TCS Daily

A Precautionary Tale

By John Luik - June 1, 2005 12:00 AM

If the World Health Organization's problems were limited to its bureaucratic structure, its pandering to several special interest groups, many with leftist orientations, and its fundamentally mis-ordered priorities, there might be some hope for its eventual recovery. But what makes this so unlikely and indeed might signal WHO's terminal decline are a set of deeper problems that go beyond structure and priorities to the way in which WHO understands risk, science, health and even democracy itself. Unfortunately none of these made it onto the agenda of the 58th Annual World Health Assembly recently held in Geneva.

Running throughout WHO, like so much of the United Nations, is a consistent, though often unarticulated and unargued for commitment to the precautionary principle as a basis for risk analysis and health protection. What started life as nothing more than a footnote at the 1982 Stockholm environmental conference has gradually come to dominate WHO's thinking about risk and its relationship to science. What is disturbing about WHO's commitment to precaution is that it appears to suggest that dealing with risk is always a choice between risk and no risk instead of assessing competing risks. Blocking promising new technologies or new medicines, which is what precaution often amounts to at WHO and its sister agencies, always carries risk. Indeed, the choice is between the risks associated with innovation and change and the risks associated with not innovating. For instance, the introduction of electricity over a hundred years ago obviously carried some novel risks like electrocution, but it also resulted in reducing or eliminating some existing risks such as fires caused by oil lamps. Good risk assessment attempts to present us with an accurate picture of what this balance might look like, rather than simply asserting, as WHO's commitment to precaution maintains, that the risk calculus is impossible as long as there is any risk to humans and the environment.

At bottom then, the precautionary principle to which WHO appears wedded is profoundly anti-scientific. It is anti-scientific because the logic of scientific knowledge is always contingent -- it tells us what the future might be like-based on the observations of the past -- but it cannot guarantee that future as precaution demands. Risk assessment is about making the most intelligent choice possible in the midst of the uncertainty that is an inescapable part of the human condition. No responsible scientist can guarantee that a product or process will NEVER harm humans or the environment for such predictions lie outside the compass of science. All that he can say is that based on these facts, this or that outcome is most likely. In effect the precautionary principle asks of science what it cannot provide -- a god-like omniscience.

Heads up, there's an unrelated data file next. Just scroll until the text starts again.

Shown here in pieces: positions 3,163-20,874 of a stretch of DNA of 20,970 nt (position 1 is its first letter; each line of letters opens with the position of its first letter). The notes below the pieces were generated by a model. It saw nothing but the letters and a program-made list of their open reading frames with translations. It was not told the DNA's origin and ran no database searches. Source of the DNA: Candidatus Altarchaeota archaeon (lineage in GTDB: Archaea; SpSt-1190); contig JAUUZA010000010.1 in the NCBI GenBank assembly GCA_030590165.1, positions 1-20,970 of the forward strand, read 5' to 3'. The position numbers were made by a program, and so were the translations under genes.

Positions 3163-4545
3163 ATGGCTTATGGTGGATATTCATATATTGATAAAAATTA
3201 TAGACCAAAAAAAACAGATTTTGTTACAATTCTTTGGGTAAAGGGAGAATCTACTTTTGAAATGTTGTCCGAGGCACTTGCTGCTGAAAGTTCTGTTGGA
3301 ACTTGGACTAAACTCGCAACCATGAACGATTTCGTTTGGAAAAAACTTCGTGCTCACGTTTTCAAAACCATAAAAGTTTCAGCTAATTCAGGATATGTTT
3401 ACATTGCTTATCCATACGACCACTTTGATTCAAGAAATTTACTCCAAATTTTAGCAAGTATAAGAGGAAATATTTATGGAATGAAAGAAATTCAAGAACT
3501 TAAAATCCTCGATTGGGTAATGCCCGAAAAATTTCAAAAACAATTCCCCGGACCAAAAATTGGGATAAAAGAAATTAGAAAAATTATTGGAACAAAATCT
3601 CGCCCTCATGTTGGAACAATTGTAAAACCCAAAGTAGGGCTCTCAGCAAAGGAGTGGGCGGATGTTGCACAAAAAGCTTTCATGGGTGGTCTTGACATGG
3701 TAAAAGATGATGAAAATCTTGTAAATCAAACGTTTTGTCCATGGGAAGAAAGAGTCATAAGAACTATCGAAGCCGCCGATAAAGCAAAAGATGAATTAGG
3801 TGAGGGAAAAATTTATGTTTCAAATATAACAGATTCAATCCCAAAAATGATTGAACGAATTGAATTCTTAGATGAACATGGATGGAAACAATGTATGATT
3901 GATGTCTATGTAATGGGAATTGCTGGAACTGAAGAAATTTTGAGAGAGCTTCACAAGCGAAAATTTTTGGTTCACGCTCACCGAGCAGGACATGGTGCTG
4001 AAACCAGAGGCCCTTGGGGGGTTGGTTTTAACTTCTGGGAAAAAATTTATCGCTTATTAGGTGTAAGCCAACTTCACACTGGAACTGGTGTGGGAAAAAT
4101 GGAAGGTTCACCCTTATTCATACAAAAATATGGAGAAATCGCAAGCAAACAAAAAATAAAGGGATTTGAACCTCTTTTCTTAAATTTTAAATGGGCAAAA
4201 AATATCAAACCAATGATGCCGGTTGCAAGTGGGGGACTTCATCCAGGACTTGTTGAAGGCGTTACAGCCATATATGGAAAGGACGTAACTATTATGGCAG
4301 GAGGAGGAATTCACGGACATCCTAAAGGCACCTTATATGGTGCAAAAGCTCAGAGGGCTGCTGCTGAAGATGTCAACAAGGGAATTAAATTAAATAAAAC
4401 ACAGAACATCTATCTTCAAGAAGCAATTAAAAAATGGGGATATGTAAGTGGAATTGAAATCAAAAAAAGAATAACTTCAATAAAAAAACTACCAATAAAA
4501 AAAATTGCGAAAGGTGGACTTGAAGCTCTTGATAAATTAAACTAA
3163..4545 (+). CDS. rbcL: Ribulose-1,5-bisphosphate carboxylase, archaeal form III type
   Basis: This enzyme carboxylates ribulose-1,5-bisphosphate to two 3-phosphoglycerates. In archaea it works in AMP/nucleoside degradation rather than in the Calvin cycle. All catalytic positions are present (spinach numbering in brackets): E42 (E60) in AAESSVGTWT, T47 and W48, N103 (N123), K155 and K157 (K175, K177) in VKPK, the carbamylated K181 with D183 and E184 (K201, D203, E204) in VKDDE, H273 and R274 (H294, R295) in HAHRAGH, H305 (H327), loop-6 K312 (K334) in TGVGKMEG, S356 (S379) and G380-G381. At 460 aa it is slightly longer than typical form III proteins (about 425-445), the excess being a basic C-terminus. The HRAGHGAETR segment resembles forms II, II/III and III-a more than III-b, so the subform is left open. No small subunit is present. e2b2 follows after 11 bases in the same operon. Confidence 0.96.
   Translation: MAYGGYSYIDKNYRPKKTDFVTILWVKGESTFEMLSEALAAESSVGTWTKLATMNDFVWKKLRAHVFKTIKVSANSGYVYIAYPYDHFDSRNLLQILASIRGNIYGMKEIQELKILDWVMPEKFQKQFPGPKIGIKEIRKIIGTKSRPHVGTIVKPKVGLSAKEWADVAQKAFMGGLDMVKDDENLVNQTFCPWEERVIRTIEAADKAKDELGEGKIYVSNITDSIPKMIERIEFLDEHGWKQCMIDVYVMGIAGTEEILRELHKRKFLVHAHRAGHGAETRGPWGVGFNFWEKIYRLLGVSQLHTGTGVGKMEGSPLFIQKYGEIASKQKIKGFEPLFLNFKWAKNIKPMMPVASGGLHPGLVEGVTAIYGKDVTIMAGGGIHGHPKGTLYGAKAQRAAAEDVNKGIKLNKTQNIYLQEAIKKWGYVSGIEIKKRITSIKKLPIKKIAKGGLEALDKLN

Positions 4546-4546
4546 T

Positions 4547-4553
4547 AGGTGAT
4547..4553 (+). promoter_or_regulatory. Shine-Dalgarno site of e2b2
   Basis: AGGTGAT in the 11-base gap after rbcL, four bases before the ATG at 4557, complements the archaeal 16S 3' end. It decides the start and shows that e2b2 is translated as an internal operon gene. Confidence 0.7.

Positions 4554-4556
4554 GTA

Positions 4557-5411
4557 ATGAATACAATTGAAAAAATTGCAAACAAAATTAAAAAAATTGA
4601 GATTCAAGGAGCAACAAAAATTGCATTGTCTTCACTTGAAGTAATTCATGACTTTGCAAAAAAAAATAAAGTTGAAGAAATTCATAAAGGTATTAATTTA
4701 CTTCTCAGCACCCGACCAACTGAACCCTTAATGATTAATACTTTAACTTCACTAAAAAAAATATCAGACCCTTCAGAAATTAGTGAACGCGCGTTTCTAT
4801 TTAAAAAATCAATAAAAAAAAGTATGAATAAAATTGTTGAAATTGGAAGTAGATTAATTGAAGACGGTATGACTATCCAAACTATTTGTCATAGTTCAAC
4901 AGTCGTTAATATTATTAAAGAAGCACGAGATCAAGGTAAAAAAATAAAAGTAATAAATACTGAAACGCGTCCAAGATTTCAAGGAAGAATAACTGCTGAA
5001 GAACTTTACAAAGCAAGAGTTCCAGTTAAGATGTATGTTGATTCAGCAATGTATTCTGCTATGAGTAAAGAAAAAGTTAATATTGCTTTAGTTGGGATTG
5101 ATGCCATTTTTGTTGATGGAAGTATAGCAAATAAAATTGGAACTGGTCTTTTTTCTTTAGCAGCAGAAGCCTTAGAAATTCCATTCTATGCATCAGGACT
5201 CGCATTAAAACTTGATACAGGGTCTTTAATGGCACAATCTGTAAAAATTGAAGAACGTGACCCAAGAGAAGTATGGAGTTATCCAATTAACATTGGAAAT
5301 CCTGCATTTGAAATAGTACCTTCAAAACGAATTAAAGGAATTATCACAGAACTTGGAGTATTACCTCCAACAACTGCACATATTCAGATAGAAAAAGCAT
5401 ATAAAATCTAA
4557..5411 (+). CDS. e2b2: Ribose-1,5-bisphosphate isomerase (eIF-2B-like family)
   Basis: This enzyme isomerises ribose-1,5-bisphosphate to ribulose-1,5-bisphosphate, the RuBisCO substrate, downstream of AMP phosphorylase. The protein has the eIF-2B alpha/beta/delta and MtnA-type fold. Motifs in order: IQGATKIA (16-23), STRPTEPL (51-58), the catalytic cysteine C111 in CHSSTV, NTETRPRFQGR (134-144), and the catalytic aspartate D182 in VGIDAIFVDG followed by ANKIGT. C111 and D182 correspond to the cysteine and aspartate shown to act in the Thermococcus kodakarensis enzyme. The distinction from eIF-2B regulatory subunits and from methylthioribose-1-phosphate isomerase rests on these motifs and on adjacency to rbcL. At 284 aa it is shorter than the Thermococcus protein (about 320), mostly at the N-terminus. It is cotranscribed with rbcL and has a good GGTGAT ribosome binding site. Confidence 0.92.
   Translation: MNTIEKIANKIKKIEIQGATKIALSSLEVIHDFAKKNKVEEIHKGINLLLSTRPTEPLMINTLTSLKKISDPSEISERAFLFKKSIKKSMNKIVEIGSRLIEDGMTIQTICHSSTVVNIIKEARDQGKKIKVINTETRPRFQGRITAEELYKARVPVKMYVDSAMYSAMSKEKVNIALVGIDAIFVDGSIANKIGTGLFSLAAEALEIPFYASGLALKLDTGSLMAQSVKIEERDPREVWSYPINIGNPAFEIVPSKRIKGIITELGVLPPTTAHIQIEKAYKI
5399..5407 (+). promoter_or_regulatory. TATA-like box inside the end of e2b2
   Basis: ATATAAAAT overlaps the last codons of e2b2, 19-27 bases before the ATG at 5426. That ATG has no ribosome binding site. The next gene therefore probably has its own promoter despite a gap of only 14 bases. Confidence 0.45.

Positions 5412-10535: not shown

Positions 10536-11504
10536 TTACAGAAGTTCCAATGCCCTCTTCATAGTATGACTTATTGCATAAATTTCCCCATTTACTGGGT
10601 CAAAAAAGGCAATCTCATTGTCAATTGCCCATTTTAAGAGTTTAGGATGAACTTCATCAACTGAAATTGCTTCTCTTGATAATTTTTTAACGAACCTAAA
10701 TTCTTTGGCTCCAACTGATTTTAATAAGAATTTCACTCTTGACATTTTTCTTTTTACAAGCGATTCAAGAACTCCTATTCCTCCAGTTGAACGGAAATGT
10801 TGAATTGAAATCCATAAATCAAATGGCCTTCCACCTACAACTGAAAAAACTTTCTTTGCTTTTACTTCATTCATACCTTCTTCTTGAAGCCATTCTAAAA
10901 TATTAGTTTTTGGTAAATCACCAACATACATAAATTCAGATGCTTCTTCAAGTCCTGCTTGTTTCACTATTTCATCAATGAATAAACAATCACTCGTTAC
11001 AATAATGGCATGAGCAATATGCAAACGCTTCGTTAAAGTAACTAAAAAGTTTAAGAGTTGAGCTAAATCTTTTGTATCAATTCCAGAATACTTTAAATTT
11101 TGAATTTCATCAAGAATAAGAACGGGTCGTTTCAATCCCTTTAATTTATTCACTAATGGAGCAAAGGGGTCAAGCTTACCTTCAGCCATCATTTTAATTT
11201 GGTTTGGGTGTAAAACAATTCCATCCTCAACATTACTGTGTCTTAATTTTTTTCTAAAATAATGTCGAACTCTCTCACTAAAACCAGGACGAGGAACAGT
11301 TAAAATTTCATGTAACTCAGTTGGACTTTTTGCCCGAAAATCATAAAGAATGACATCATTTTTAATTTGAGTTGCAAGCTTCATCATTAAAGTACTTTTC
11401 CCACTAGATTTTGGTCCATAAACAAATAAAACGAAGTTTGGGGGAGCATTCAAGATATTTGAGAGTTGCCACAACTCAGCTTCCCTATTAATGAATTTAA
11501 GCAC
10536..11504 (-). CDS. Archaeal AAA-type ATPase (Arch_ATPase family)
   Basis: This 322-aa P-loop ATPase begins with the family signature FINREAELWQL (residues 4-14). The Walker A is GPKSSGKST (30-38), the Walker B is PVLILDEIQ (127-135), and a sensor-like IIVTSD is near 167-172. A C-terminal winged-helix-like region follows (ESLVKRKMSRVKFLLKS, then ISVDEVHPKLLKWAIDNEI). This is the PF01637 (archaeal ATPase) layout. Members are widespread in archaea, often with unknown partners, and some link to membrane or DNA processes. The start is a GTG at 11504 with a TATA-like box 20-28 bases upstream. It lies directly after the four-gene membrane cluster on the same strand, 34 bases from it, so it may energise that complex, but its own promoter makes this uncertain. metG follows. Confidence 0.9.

WHO, of course, would disagree, by claiming that the precautionary principle is really the foundational principle of the new world health. But this is curious since foundational principles, in health or elsewhere cannot be self-contradictory, which the precautionary principle clearly is. For instance, apply the precautionary principle to itself. Is it clear that using the precautionary principle as the basis of risk regulation and health protection will not harm either humans or the environment? Obviously it isn't as preventing change and innovation on the basis of an unknown future can be profoundly risky.

But WHO's problems with science go beyond its commitment to precaution and extend to its willingness to provide an institutional home and a certain measure of legitimacy to politicized, corrupt science. By corrupt science we mean bogus science, science that knows that its data misrepresents reality and its processes are deviant, but that nonetheless attempts to pass itself off as the genuine article. It is science that has an institutionalized motivation and justification for allowing ends outside of science to determine the findings of science, for allowing science to be subject to a political agenda. It is science that believes that it is more important for people to believe and the policy process to support the "right" things than those things which are true. It is science that wishes to claim the public policy advantages of genuine science without conforming to the scientific process or doing the work of real science except in the most superficial way.

Two things in particular signal the presence of corrupt science. The first is the fact that rather than working from hypothesis and data to conclusion, corrupt science starts with a mandated political conclusion and then uses this conclusion as the basis for determining what evidence, what data is to count as relevant. It is science that begins not with a question but with an answer and which sees its only task as providing the evidence that supports that answer. The second is that corrupt science misrepresents the nature of what it seeks to explain. Rather than acknowledging alternative evidence, or problems with its evidence, or admitting the complexity of the issue and the limits of evidence, it presents what is at best a carefully chosen partial truth as the whole truth necessary for public policy. Public policy is effectively manipulated into reaching a predetermined outcome on the basis of data that has been carefully chosen, falsified or massaged so as to speak in a fashion that is at odds with the ways things really are.